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Old 02-28-2012, 10:01 PM
 
Location: Sherwood
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Can you guys share any benefits or negatives about S-corp versus regular corporations for a small business? If I don't pay myself a salary, is it beneficial to have an S-corp?
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Old 02-28-2012, 10:39 PM
 
Location: Conejo Valley, CA
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A S-corp is a pass-through entity and the benefits/negatives depend on what you're doing. There is really no way to answer this generally, it depends on the details.
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Old 02-29-2012, 07:58 AM
 
Location: NC
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Quote:
Originally Posted by kinkytoes View Post
Can you guys share any benefits or negatives about S-corp versus regular corporations for a small business? If I don't pay myself a salary, is it beneficial to have an S-corp?
Are you planning on living off of draws from the accumulated earnings of your proposed S Corporation?

The IRS would frown upon this, you always need to pay a reasonable salary if financially able to do so.

S Corporation passes through, limits legal liability, and the earnings will be reported via a schedule k-1.

Losses in an S Corporation are only deductible as long as you have positive accumulated earnings (AAA).
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Old 02-29-2012, 11:42 PM
 
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S Corporation:

You have to pay yourself a reasonable salary (when compared to similar compensation in your industry).

Income and losses flow through to the owner.

You have limited liability like any corporation.

You are limited to the number of shareholders you may have, and who may be an shareholder.

C Corporation:

It is not a pass-through entity so the income gets taxed as the corporate level, and then again when you get a dividend distribution.

None of the s-corp shareholder restrictions.
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Old 03-01-2012, 12:01 PM
 
Location: Sherwood
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So, for an S-corp I file personal income taxes w/ an extra form.

For a C-corp I file my personal income taxes and Also file corporate income taxes?



Which one allows me to take the most deductions?
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Old 03-01-2012, 11:14 PM
 
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That is not how it works at all. Consult a local CPA.
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Old 03-02-2012, 09:22 AM
 
Location: Sherwood
5,184 posts, read 7,592,385 times
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Quote:
Originally Posted by MrLemon View Post
That is not how it works at all. Consult a local CPA.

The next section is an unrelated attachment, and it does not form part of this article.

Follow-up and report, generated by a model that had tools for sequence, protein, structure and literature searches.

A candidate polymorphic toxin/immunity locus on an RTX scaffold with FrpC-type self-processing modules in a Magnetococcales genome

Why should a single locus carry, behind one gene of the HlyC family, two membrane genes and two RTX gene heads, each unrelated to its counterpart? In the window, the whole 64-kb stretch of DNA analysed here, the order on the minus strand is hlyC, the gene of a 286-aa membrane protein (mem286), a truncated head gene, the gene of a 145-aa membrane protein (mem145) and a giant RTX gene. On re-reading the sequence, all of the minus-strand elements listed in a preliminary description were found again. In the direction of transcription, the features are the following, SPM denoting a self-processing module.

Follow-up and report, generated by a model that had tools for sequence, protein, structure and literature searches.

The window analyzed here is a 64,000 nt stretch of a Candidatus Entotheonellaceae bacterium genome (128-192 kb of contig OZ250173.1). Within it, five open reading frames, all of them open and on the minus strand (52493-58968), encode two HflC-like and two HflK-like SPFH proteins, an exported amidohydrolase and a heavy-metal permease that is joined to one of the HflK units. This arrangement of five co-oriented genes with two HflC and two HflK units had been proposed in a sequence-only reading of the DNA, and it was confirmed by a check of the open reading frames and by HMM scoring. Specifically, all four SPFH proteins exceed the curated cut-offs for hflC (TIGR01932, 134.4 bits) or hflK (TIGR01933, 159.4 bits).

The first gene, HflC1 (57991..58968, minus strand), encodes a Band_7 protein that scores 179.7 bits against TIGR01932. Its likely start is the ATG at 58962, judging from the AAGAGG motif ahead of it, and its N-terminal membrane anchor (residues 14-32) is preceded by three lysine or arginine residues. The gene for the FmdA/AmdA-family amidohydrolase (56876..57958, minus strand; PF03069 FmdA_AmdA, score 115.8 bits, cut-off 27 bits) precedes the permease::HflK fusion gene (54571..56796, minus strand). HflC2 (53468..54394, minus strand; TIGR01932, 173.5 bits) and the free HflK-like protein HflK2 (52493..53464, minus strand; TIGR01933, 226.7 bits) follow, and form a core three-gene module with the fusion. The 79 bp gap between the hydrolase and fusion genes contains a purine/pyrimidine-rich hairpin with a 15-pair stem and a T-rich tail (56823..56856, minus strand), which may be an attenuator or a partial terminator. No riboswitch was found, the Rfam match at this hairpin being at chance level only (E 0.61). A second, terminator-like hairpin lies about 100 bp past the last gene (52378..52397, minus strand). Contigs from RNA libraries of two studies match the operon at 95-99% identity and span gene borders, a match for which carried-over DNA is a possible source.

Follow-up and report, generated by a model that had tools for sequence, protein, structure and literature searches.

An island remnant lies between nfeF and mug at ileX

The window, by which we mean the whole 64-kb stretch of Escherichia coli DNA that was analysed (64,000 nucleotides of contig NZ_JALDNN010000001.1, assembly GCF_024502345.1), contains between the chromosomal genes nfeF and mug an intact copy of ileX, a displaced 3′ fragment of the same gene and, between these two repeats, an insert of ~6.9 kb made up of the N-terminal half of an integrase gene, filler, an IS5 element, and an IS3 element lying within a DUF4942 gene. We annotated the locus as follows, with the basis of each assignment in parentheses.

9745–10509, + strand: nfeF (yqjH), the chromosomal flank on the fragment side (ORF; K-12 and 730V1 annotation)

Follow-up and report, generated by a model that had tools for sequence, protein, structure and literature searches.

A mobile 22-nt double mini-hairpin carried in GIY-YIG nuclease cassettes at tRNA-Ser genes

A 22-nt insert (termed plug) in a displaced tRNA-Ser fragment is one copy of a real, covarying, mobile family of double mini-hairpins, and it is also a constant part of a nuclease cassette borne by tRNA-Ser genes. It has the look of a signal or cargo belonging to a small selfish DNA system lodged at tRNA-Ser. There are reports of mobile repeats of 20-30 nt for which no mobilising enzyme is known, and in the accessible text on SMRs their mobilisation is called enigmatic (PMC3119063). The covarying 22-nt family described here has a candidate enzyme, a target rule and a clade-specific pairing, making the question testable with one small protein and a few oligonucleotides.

I can't afford a local CPA until I get actual profits. At any rate, thanks for the feedback, guys.

I'll keep the regular corporation and pay myself dividends. If there are any problems I'm sure I'll get to learn the correct method at tax time.
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Old 03-02-2012, 11:14 AM
 
Location: Conejo Valley, CA
12,351 posts, read 10,687,771 times
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Quote:
Originally Posted by kinkytoes View Post
I can't afford a local CPA until I get actual profits. At any rate, thanks for the feedback, guys.

I'll keep the regular corporation and pay myself dividends. If there are any problems I'm sure I'll get to learn the correct method at tax time.
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Old 03-03-2012, 10:44 PM
 
57 posts, read 91,656 times
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Quote:
Originally Posted by kinkytoes View Post
I can't afford a local CPA until I get actual profits. At any rate, thanks for the feedback, guys.

I'll keep the regular corporation and pay myself dividends. If there are any problems I'm sure I'll get to learn the correct method at tax time.
That's a terrible plan. You should figure out the tax consequences now. BTW, why do you want to have your entity be a corporation?
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Old 03-04-2012, 05:16 PM
 
19,821 posts, read 15,247,559 times
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Quote:
Originally Posted by kinkytoes View Post
I can't afford a local CPA until I get actual profits. At any rate, thanks for the feedback, guys.

I'll keep the regular corporation and pay myself dividends. If there are any problems I'm sure I'll get to learn the correct method at tax time.
If that is the case and logic you really should rethink your plan or can it all together. That mentality of taking the gamble is a perfect setup for disaster.

Pay a bit now or pay tons more in fees and fines later.
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